Some parts might benefit from upgrades.


Ease of Use:




Tube Depot Classic British 18W Tube Guitar Amp Kit 1x12

I incorporated two suggested mods: a post-phase-invertor master volume control (with a pot replacing one of the four input jacks), and a post-phase-invertor tone-cut circuit pilfered from the Vox AC30 (with a pot replacing one of the speaker out jacks). Both work great: The master volume provides surprisingly good high-gain sounds at low levels, while the tone-cut is tuned just right for nixing nasty overtones when playing at maximum gain. I recommend both mods for any 18-watt build.

The verdict. I had a fantastic experience building both kits—or more accurately, two fantastic but different experiences. Which experience is best for you depends on your DIY motives.

I prefer the Mojotone’s sound. There’s more of a bell-like quality to the clean tones, and when you pour on the gain, everything resonates a bit more sweetly, with fewer harsh and chaotic overtones. It doesn’t emit more low end per se, but the fundamental frequencies seem weightier. I dig this taut, focused character.

This is a subjective call, however, so judge for yourself: I recorded the audio examples for both amps through the same signal chain minutes apart, and even used a ReAmp to route identical performances through both amps. (If you’re reading this in print, check out the online version of this article, which includes audio.) The Royer R-121 ribbon mic is situated in the same position for each amp. I even tried swapping tube sets between amps, and auditioning each amp through the other’s cabinet and speakers, neither of which altered my impressions.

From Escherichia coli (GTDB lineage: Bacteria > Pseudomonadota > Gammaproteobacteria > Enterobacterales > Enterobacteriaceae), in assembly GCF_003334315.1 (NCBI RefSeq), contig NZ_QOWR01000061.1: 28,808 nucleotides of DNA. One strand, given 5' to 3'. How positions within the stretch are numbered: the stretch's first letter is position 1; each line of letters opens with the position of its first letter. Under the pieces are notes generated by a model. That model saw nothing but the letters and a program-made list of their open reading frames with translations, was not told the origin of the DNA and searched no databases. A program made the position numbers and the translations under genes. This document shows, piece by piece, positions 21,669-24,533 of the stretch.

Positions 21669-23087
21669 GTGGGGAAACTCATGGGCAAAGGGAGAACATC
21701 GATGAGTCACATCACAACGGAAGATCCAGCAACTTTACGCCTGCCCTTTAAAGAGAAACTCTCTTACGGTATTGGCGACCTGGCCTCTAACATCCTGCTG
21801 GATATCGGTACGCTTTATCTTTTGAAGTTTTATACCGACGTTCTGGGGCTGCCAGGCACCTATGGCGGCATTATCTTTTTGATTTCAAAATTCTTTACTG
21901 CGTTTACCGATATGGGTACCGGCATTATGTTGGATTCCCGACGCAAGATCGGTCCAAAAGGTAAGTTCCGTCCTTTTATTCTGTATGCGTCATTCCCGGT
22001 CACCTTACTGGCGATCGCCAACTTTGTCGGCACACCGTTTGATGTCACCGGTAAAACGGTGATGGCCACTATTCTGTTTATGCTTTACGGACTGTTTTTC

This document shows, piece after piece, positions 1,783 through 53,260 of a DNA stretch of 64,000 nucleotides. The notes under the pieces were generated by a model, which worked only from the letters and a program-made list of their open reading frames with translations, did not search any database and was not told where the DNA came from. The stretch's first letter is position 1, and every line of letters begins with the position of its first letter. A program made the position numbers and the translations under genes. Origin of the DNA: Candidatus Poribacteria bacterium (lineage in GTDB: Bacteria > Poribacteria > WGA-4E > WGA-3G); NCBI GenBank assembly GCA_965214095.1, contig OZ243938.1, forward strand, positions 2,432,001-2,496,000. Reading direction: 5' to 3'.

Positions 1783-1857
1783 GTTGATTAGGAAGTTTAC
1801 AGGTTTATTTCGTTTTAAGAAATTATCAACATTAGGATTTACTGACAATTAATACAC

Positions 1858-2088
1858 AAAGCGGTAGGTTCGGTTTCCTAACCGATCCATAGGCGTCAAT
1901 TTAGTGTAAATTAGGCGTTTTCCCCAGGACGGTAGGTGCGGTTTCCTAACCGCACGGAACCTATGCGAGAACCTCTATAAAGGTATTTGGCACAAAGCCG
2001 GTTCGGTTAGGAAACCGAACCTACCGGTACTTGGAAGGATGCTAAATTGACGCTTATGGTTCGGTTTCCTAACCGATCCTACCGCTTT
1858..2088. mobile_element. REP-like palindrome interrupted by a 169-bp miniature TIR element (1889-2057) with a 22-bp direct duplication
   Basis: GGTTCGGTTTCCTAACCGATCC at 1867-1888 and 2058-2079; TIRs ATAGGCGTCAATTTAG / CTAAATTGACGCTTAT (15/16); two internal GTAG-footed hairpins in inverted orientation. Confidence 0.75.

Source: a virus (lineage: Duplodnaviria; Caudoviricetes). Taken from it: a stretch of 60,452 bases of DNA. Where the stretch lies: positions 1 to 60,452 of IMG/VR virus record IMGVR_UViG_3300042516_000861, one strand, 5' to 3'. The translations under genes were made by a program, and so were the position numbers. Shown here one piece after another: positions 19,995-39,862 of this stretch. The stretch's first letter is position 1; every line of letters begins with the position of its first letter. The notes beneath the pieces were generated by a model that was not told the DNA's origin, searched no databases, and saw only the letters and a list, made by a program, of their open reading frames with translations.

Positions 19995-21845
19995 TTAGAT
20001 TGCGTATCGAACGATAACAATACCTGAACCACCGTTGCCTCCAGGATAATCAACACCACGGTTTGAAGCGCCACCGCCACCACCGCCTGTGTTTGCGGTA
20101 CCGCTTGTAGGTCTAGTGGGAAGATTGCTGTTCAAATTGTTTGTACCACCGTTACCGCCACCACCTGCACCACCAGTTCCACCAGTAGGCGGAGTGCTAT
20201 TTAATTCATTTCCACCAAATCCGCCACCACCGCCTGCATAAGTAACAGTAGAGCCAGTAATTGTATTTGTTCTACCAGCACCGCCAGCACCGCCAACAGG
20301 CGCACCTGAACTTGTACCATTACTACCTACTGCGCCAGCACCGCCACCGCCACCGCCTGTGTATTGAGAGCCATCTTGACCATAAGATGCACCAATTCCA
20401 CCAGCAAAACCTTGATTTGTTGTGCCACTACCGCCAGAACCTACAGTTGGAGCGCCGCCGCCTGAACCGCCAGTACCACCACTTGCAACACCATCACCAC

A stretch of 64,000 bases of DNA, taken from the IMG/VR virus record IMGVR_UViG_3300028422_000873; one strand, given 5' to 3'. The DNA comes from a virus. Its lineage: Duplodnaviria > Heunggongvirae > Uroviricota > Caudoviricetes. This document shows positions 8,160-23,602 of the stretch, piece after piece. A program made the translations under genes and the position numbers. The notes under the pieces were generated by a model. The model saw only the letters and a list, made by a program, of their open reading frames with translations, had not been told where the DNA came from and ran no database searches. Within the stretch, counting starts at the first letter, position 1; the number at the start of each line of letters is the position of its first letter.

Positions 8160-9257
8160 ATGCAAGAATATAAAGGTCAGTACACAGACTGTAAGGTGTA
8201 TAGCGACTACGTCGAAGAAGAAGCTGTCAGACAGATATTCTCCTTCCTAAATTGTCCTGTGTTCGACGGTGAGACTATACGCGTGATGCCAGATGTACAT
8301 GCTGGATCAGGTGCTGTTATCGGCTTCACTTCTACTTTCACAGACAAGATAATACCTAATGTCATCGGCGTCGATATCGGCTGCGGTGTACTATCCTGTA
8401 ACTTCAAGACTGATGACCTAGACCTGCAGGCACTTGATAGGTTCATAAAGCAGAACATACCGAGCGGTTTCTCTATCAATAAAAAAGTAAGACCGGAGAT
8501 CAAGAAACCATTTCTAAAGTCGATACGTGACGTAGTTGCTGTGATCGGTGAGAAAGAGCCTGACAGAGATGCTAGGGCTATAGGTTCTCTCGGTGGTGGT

I attribute the sonic differences to internal components—but attempting to pinpoint which component is responsible for what is the sort of thing that launches flame wars on amp sites. Mojotone goes the extra mile to provide their namesake mojo parts, though I’ll remain skeptical that cloth-covered wire, carbon-comp resistors, or large-format caps have perceptible effects on an amp’s tone until I encounter repeatable audio evidence proving it. But most folks agree that transformers affect an amp’s tone in a big way. My hunch is that I simply prefer the sound of the custom Heyboers in the Mojotone to Tube Depot’s ClassicTones. (For what it’s worth, the Mojotone transformers cost twice as much. Conversely, the Weber speaker in the Tube Depot amp costs twice as much as the Mojotone speaker, though I like the sounds of both speakers about equally.) I’d love to hear the Tube Depot kit with upgraded transformers.

Meanwhile, stellar documentation makes the Tube Depot kit the superior learning and building experience. The techniques included here will improve not only your 18-watt build, but also any future amp projects. (They certainly helped me build the Mojotone kit!)

My time with these kits has only deepened my regard for this 49-year-old design. Not many amps impart such a strong sense of time and place. An 18-watt can really make you feel like you’re playing a 1966 London studio session. By all accounts, Eric Clapton used a JTM-45 on his Bluesbreakers session, but to be honest, these 18-watts took me closer to that iconic squawk than most JTM-45s I’ve played. (I’d harbored doubts about Clapton’s claim that he didn’t use a Rangemaster treble booster on those dates for the simple reason that it sounds like a frickin’ Rangemaster! But for the first time, I can imagine how a particularly fiery Marshall combo and lively, unpotted PAF pickups could conspire to produce that tone.)

The 18-watt is no chameleon—it’s a singular circuit with a singular point of view, one applicable to most non-metal rock styles. It may have taken the guitar community decades to give this amp its due, but hey—better late than never!

Thanks to Robert Hull of and Kirkwood Rough of Upstairs Amps for spotting my build mistakes and protecting me from fire and electrocution.